Dietrich Bonhoeffer’s popularity has boomed in recent years. In all corners, he is seen as a heroic figure and/or theological innovator from whom we in the modern Church have much to learn. His death at the age of 39 robbed the 20th century of one of its great theologians, yet also enshrined him as a hero for individuals from widely disparate points on the theological spectrum. “Religionless Christianity?” Check. Attempting to murder Hitler? Check. Standing with the Church against the corruption of its doctrine or co-option by the State? Check. So on and so forth.
Today, I reflect on his hallmark idea: grace. He says it best:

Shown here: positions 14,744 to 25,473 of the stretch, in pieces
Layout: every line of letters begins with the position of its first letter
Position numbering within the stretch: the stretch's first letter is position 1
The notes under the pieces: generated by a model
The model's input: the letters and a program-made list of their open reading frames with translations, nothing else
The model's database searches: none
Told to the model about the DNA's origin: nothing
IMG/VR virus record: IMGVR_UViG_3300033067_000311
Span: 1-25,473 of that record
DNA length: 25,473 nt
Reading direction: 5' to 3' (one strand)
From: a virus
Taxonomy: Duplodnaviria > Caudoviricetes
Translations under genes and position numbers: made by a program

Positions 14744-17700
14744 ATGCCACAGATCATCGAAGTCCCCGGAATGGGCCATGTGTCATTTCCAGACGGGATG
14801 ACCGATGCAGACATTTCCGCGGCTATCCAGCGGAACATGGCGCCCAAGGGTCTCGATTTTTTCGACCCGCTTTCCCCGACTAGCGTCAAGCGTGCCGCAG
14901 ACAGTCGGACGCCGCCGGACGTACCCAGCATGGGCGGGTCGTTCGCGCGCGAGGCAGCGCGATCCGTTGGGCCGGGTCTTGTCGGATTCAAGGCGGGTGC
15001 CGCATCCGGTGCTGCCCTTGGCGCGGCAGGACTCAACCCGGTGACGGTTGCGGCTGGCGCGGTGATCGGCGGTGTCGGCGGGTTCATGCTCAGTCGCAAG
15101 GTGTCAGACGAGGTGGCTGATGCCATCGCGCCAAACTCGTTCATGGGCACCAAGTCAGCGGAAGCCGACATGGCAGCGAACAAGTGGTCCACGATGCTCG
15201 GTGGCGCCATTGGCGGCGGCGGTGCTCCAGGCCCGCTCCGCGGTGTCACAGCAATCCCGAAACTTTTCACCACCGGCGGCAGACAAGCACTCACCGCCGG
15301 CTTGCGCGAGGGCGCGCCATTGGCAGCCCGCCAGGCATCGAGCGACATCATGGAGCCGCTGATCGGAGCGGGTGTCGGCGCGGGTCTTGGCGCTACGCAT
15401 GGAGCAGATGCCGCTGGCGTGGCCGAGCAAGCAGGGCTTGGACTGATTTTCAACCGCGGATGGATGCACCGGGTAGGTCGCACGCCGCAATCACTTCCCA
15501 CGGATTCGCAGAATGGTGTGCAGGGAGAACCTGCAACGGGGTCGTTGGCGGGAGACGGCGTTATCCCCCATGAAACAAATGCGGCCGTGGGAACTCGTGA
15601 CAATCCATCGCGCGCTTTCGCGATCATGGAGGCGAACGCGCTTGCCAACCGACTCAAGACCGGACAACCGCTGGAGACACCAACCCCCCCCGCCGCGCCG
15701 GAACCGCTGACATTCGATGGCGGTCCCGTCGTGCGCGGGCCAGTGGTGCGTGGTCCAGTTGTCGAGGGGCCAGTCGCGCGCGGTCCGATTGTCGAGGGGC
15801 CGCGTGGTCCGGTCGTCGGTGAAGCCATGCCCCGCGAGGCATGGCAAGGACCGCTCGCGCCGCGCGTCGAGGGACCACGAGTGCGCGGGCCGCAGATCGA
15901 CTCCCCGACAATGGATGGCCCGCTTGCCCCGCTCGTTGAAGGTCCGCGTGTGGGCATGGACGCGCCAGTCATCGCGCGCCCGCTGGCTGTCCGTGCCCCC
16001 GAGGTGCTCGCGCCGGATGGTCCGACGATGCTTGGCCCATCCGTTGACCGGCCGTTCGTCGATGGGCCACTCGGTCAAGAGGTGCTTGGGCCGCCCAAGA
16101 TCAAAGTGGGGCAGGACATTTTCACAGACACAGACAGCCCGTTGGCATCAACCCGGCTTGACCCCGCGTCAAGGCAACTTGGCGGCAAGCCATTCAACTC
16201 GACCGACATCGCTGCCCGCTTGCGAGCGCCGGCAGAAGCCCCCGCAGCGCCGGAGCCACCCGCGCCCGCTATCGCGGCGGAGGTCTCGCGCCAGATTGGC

“Cheap grace is the preaching of forgiveness without requiring repentance, (it is) baptism without church discipline, Communion without confession, absolution without personal confession. Cheap grace is grace without discipleship, grace without the cross, grace without Jesus Christ, living and incarnate…Such grace is costly because it calls us to follow, and it is grace because it calls us to follow Jesus Christ. It is costly because it costs a man his life, and it is grace because it gives a man the only true life. It is costly because it condemns sin, and grace because it justifies the sinner. Above all, it is costly because it cost God the life of his Son: “ye were bought at a price,” and what has cost God much cannot be cheap for us. Above all, it is grace because God did not reckon his Son too dear a price to pay for our life, but delivered him up for us.”